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Hulu invites cable to the stream


tech-huluIt is official: Streaming has won; cable has lost. Yes, cable still exists, but it is dying on the vine. The NFL — television’s most consistent and powerful ratings engine — has been struggling to reach two-thirds of its audience average of the last five years. ESPN — the most expensive channel cable providers carry — has seen advertising rates precipitously drop as subscribers downgrade their cable packages. Finally, after a decade of pleading for cable and broadcast partners to join up, Hulu has signed some of the biggest studios to join its streaming service.

Crazy as it may seem, streaming broadcast quality content has only truly been an option for 10 years. In 2007, Netflix turned the switch on online movie streaming, and in the same year, Hulu opened the world to on-demand TV streaming. Streaming video had existed for several years before Netflix and Hulu, but most of the content came from amateur content creators on sites like YouTube or through piracy such as Bit Torrent. Hulu and Netflix legitimized streaming in both quality of media available and technology, delivering online content beyond personal computers to television sets and mobile devices.

As early business innovation and consumer adoption goes, no one became rich immediately from streaming. Hulu had lucrative deals with NBC, FOX and ABC, while Netflix had a patchy collection of box office hits and a landfill-worth of B-movies. Fast forward to the start of 2017, and Netflix accounts for nearly one-half of U.S. Internet traffic. Hulu is about to announce a massive streaming offering with the “who’s who” of television channels. The biggest defection from the #NeverStreaming camp is CBS, the last broadcast holdout.

Even with three of the four major broadcasters signed on, a vast collection of popular movies and advertising revenue, Hulu has struggled for nearly its entire existence to be profitable. Yet, after a decade of struggling, with the announcement of adding CBS, its NFL and NCAA basketball tournament coverage, FOX News, Disney Channel, CNN, TNT, TBS, Cartoon Network and National Geographic, Hulu seems poised to become the next Comcast.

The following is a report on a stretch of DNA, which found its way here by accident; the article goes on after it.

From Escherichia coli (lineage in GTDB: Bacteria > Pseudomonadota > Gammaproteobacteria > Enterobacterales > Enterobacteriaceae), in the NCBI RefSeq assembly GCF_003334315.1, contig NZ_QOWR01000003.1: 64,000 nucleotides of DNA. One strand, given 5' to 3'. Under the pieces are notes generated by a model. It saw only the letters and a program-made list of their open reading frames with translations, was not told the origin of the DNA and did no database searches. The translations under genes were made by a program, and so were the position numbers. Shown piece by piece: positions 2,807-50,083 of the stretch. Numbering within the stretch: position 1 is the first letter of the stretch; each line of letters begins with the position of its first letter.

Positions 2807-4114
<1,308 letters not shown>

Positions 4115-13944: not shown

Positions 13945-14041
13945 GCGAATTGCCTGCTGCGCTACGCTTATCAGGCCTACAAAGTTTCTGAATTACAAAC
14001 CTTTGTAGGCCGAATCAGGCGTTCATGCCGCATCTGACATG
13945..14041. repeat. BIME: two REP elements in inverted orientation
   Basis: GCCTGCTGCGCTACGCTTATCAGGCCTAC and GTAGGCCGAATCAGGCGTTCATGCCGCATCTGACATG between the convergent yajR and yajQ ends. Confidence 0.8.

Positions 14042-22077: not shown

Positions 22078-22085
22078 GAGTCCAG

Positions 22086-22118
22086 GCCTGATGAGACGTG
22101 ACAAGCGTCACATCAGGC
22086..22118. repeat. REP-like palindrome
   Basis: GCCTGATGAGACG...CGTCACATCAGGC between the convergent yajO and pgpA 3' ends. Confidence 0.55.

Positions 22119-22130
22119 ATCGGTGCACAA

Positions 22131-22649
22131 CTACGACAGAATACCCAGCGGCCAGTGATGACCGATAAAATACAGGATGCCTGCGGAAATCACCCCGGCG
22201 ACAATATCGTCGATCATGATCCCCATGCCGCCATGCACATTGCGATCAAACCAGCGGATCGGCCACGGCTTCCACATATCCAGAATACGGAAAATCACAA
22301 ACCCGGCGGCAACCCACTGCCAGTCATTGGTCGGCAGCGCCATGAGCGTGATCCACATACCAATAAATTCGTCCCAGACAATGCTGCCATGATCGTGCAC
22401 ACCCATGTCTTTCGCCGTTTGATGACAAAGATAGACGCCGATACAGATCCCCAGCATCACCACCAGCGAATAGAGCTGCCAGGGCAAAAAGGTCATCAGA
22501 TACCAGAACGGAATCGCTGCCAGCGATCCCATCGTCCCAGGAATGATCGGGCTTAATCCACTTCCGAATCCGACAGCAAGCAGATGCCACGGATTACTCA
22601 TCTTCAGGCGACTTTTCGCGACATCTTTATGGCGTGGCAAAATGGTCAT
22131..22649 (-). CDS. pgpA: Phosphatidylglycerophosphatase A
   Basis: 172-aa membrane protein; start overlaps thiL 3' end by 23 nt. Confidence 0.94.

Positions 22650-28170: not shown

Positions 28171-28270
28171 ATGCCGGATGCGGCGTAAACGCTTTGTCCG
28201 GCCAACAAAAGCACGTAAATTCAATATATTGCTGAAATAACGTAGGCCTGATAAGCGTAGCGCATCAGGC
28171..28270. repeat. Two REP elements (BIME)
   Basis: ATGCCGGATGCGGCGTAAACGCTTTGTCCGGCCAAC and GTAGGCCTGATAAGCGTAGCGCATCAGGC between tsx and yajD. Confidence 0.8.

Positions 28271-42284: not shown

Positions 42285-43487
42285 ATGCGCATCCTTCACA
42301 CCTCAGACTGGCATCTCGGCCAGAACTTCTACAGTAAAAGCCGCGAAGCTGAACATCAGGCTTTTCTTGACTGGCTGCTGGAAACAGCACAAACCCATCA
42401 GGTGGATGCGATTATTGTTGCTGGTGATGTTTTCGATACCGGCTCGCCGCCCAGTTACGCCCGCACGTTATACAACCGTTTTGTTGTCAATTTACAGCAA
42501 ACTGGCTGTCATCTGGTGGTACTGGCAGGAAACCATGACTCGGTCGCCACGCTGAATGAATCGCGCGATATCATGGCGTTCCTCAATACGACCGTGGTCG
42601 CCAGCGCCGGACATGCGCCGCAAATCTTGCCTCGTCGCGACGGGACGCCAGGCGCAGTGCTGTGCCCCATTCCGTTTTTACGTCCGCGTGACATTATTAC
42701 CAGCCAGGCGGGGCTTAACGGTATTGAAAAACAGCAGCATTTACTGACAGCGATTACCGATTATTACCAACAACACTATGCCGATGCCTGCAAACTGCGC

As much as consumers decry expensive cable bundles, expenses to copious streaming services add up quickly and deliver far less content. So what is the new model? Streaming bundles. Hulu’s new model offers a gaggle of classic cable content providers and will come at a cable-like cost — roughly $40 per month. Hulu will still have its $10-13 per month offering skinny packages of broadcasters and movies only. But for the full content experience, subscribers are basically replacing the payee line on their cable bill with Hulu.

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So why did CBS cave after 10 years of standing its broadcast ground? The best guess is the failure of its proprietary streaming service, CBS All Access. For two years, CBS has been trying to lure viewers to its CBS-only streaming channel with a base price of $6 per month. As it turns out, $6 is a little steep for a channel viewers are used to receiving over the air for free. So, joining with Hulu is a classic case of, “If you can’t beat them, join them.”

So why Hulu? Dish Network has been offering a simple streaming bundle for two years with decent success. Twitter is dying to make a movie into media streaming. YouTube’s streaming audience is dozens the size of Hulu and has proven itself to be the marketplace for millennial eyeballs. The answer is that Hulu is willing to cut traditional cable carriage fees to content providers. The reason Hulu’s new bundle costs subscribers $40 per month is because it is desperate to carry the content. Now we just need to wait to see if cable-over-the-Internet will work, or if this is the last gasp of a bundled world. ♦

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